Chitwan National Park is only a five hour drive or a short flight from Kathmandu or Pokhara. Before you know it you can be in a small hand-carved wooden canoe rowing down the Rapti River watching crocodiles or Gharials bask in the sun on the banks as the water birds flit here and there. Chitwan National Park in the south of Nepal, is a belt of low land covered with dense subtropical jungles where wild animals live in their natural habitat. The name Chitwan is derived from the Tharu word “Chit” meaning dense and “Ban” meaning “forest”.
This huge and beautiful nature reserve protects 932 sq km of sal forest, water marshes and rippling grassland and a wealth of wildlife. There are 540 species of birds which have been identified in the park. A jungle safari through the Sal forest and open grass land may be done on the back of an elephant or in a jeep. The park is one of the last refuges of the endangered one-horned rhinoceros. A morning safari will likely lead you to the a watering hole, where you are likely to see spotted deer, wild boar, wild bison, monkeys, sloth bear, brightly colored exotic birds, rhesus monkeys and maybe even a leopard, as there are sizeable populations of tigers, leopards. You might even see the magnificent Royal Bengal Tiger.
Later you will stop at the Elephant Orphanage where you get to pet and feed the friendly little creature, less intimidating than the jungle animals for sure.
Another adventure is the elephant bath. Clamber on top of the gigantic elephant and head down to the river for a bath. The elephants enjoy soaking you in muddy river water with a little slime from the elephants trunk mixed in!
The town of Sauraha is a small but lively tourist centre perched beside a wide, slow-flowing river – with a wall of dense jungle looming on the far bank and the surrounding countryside is a peaceful patchwork of rice fields and villages of the indigenous Tharu tribe. The Tharu people have lived here longer than history can recall. Tharu Villages are like living museums, thatched roof houses are built of mud and clay and decorated with traditional art work. Most are one-room structures with no chimney and no windows, and sometimes even no door. Most of their life takes place outside. Pots hang above the fire on the porch, goats wonder around, and no one seems to be in a hurry. Part of the cultural program is sure to be include a group in traditional colorful costumes and performing their customary stick dance.
Interestingly Tharu people lived in this naturally isolated enclave where malaria infested mosquitoes kept intruders at bay. The Tharu people have a natural immunity, a genetic predisposition acquired over centuries of living in this region. Malaria was eradicated in late 1950’s with the use of the infamous DDT. Unfortunately, the relief from mosquitoes was not without collateral damage, much of the jungle’s natural habitat perished with mosquitoes.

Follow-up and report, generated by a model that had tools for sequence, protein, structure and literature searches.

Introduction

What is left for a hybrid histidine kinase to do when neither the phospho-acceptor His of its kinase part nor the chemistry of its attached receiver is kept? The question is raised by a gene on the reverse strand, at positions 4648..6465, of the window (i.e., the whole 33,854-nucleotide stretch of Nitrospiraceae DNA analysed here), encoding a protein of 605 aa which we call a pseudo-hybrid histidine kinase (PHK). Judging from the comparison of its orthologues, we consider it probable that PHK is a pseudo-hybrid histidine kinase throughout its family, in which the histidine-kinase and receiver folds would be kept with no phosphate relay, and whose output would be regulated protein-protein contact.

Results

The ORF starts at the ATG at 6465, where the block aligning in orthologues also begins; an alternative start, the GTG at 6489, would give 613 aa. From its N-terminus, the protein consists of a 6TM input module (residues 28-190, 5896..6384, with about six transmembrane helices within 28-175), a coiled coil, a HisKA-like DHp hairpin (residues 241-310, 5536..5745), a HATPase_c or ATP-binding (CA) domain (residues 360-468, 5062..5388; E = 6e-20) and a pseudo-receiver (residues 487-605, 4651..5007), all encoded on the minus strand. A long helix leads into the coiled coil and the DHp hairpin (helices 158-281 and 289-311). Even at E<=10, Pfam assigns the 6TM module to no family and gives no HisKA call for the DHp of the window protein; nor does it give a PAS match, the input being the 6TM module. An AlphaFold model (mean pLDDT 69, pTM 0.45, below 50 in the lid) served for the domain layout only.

When planning a visit to Chitwan, try to give yourself enough time for several safaris. The wildlife is unpredictable and you can’t rely on sightings every time. Two whole days in the park is really the minimum for wildlife spotting. Visitors enjoy the domesticated elephants at the Elephant Breeding Center. The Gharial Hatchery incubates and hatches eggs of the endangered gigantic crocodiles and later releases into the river.
Be aware that the popular four-day, three-night packages to Chitwan include a day of travel at either end, so make sure you give yourself enough time to see everything!
|1||Drive to Chitwan National Park|
|2||Enjoy a Jungle Safari in Chitwan National Park|
|3||Drive to Kathmandu|
Good to Know:
What to Bring on the Jungle Safari?
Chitwan National park has a sub-tropical climate. Light clothes with natural colors are recommended. During the winter months from November to early March the mornings and evenings are cold and warm clothes are necessary. Casual comfortable clothes and shoes are recommended during the day for easy movement. In July, August and September, be prepared for rainy with suitable footwear and umbrella. Since there are many outdoor activities, we highly recommend our guests to bring a camera, binoculars, torch, insect repellent, swimwear, sunhat and sunscreen.
How to get there?
There is daily flight from Kathmandu to Bharatpur which takes about 25 minutes. Our naturalist will meet you at the airport and take you to Hotel Parkland.
Departure from Kathmandu or Pokhara early in the morning for five hours drive having picturesque view of river and valleys along the Prithivi highway and Mugling – Narayanghat road, you will be at the hotel for lunch.
From Kathmandu / Pokhara, we can transport you to rafting put in point on Trishuli River where you will be dropped off for a white water rafting experience. During the journey you can enjoy high and low water waves and surroundings scenery. At the end, our representative will be waiting to take you to the Hotel.